Artist of the Month

Ahmad Dahbour

Photo by Nida Qatamish.
Photo by Nida Qatamish.

 

By: Yassar Dahbour

Ahmad Dahbour is a renowned Palestinian poet from the Revolution Generation. He was born in Haifa, Palestine, on April 21, 1946. On the day of his second birthday, his family was exiled from Palestine to Lebanon as Haifa fell into the hands of the Zionists, and the family ultimately settled in a refugee camp in Homs, Syria. Due to the harsh conditions and poverty that refugees faced, Dahbour did not complete high school; however, he was an avid reader and continued to teach himself, demonstrating an early gift for writing poetry in his teen years.

He published his first collection of poetry, The Predators and the Children’s Eyes, (الضواري وعيون الأطفال), when he was 18 years old, and his first complete book, which included seven collections of poetry, in 1983. His poem “The Tale of the Palestinian Child” (حكاية الولد الفلسطيني), written in 1969, appeared in his second collection, which bore the same title and gained him a distinguished place amongst prominent Palestinian and Arab poets.

Dahbour’s poetry derived its images and ideas from his own experience of living through the Palestinian catastrophe, the Nakba, and the consequent oppression and suffering in the refugee camps of the diaspora. His poetry, however, departed from subjective experience and reached out to and resonated with the masses. Many of his works became patriotic songs that were filled with the yearning to return to Palestine, glorifying the revolution, and empowering the poor and the weak to overcome the misery of their reality and to achieve victory and freedom. These songs, mostly written between 1978 and 2011, are still played and memorized by many.

In the late 1970s, Dahbour cofounded the musical troupe Al-‘Ashikeen (The Adorers), for which he wrote numerous songs dedicated to the Palestinian resistance. The songs and troupe were well received by both Palestinian and Arab audiences. Although Dahbour wrote most of the songs, the troupe’s music also included work by poets such as Mahmoud Darwish, Tawfiq Zayyad, and Samih Al-Qasem. Because of the band’s unprecedented success, efforts are still being made to revive it since it disbanded in the 1990s.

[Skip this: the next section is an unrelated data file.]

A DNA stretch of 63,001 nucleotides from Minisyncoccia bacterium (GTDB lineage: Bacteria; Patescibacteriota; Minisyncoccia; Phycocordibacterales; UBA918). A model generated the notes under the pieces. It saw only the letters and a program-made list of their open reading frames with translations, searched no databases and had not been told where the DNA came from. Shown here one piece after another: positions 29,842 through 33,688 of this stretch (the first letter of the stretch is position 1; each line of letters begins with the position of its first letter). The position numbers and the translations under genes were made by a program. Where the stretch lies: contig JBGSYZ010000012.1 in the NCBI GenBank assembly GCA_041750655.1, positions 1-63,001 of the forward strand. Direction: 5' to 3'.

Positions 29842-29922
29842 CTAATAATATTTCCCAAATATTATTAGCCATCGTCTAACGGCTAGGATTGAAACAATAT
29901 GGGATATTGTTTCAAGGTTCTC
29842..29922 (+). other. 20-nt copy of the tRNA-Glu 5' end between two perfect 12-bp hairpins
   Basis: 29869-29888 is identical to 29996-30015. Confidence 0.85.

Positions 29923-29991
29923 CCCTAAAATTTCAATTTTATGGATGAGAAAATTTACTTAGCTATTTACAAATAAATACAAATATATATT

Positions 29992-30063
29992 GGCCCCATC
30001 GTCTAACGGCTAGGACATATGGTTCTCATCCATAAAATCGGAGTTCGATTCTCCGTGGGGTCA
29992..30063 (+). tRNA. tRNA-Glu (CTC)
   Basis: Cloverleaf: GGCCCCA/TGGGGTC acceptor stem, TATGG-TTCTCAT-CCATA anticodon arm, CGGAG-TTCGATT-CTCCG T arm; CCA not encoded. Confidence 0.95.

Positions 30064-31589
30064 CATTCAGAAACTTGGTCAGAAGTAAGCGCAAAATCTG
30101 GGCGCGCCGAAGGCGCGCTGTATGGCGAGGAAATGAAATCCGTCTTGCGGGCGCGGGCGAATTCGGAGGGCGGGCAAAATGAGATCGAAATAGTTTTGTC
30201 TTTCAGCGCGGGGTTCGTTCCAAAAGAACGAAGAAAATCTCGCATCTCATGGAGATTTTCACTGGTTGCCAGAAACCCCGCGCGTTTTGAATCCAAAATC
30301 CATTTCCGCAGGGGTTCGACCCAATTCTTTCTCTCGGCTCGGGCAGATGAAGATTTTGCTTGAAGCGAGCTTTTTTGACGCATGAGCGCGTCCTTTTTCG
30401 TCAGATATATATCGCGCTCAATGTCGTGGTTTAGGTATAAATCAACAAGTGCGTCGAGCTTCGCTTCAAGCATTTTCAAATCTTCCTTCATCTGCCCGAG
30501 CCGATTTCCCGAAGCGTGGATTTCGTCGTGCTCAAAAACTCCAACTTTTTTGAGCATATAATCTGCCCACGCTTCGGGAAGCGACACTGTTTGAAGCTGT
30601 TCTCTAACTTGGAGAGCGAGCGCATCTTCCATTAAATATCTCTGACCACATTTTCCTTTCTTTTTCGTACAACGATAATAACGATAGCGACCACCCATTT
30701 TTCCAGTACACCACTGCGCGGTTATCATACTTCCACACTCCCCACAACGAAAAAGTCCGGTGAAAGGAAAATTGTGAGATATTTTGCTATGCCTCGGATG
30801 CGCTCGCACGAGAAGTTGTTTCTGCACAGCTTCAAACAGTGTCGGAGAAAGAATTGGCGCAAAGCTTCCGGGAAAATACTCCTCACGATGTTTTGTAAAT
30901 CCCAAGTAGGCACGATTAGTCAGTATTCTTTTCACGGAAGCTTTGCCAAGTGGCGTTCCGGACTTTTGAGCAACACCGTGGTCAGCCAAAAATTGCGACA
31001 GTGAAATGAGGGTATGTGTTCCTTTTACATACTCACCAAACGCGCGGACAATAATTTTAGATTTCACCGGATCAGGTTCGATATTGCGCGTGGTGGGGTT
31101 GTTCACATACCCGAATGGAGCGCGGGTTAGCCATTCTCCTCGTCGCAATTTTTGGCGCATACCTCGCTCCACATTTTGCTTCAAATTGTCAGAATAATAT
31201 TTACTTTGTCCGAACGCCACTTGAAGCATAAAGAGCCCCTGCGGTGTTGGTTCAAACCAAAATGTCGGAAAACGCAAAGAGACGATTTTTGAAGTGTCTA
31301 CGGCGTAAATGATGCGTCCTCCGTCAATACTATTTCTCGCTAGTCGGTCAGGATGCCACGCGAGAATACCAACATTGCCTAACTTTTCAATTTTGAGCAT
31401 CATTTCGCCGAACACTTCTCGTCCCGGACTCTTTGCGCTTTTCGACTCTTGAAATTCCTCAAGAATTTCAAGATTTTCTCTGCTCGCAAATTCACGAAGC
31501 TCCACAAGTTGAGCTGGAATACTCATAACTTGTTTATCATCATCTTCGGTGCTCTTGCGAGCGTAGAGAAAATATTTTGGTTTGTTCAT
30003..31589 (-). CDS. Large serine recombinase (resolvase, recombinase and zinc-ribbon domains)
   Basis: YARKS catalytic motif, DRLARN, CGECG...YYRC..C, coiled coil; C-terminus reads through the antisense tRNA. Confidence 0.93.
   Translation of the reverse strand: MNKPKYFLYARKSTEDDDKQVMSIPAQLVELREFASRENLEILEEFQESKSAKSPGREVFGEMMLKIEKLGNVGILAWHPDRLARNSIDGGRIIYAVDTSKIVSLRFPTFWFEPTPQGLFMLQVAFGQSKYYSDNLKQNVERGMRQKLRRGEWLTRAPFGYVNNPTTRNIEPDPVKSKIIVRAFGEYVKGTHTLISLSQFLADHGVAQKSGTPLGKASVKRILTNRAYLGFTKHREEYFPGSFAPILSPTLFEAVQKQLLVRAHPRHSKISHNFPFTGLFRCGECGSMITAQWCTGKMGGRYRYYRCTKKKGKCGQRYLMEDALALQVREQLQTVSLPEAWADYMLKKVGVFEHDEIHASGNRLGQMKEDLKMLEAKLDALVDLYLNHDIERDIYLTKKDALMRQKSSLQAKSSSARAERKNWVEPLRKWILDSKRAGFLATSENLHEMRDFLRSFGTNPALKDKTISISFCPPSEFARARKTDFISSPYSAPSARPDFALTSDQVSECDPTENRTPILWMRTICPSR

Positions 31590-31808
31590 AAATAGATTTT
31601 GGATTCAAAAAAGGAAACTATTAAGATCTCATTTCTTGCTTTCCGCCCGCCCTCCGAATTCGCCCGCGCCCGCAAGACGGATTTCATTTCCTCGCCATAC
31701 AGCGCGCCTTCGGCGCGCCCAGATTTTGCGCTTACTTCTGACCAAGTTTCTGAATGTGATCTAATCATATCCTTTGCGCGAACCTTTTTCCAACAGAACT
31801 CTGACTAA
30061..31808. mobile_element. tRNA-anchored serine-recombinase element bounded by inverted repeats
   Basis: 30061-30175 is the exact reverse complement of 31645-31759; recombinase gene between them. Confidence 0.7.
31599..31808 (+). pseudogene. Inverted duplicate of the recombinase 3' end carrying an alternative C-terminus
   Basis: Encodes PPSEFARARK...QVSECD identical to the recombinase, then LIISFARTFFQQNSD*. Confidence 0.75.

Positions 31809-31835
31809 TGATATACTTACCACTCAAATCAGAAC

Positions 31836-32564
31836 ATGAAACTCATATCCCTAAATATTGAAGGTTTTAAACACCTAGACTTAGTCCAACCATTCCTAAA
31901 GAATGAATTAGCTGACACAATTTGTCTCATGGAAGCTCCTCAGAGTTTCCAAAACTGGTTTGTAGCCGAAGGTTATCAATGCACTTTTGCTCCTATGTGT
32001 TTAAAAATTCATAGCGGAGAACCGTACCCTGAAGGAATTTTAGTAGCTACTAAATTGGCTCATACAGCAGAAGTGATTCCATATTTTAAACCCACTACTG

In addition to poetry and songs, Dahbour wrote a television series about a resistance figure, the Syrian preacher Izz ad-Din Al-Qassam. He also wrote numerous articles in various newspapers and magazines, ranging from daily columns to literary critiques. His work on the latter elevated his status to that of a distinguished literary critic.

 

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Dahbour joined the Palestinian revolution in its early years as a war correspondent, writing for Fatah newspaper from the freedom fighters’ bases on the frontlines in Jordan. Subsequently, his destiny was tied to the revolution as he fought in battles in Jordan and Lebanon, eventually relocating from Syria to Tunisia, and finally back to Palestine. Although Dahbour returned to his homeland because of the Oslo Accords, he adamantly rejected the new reality it created – one without Haifa – by coining the term “the part of Palestine available to us” in reference to the West Bank and Gaza.

Dahbour worked as editor of Lotus magazine, editor-in-chief of Albayadir, general director of the Culture Department of the Palestinian Liberation Organization (PLO), and deputy minister of culture of the Palestinian Authority, the position from which he ultimately retired. He published 13 collections of poetry in two books, and efforts are under way to reissue his work, including some previously unpublished writings.

Dahbour was presented with the Tawfiq Zayyad Poetry Award in 1988 and was granted the Medal of the Order of Merit and Superiority by Palestinian President Mahmoud Abbas in 2012. He also received the Jerusalem Award for Culture and Creativity in 2015.

Dahbour passed away on April 8, 2017 in Ramallah.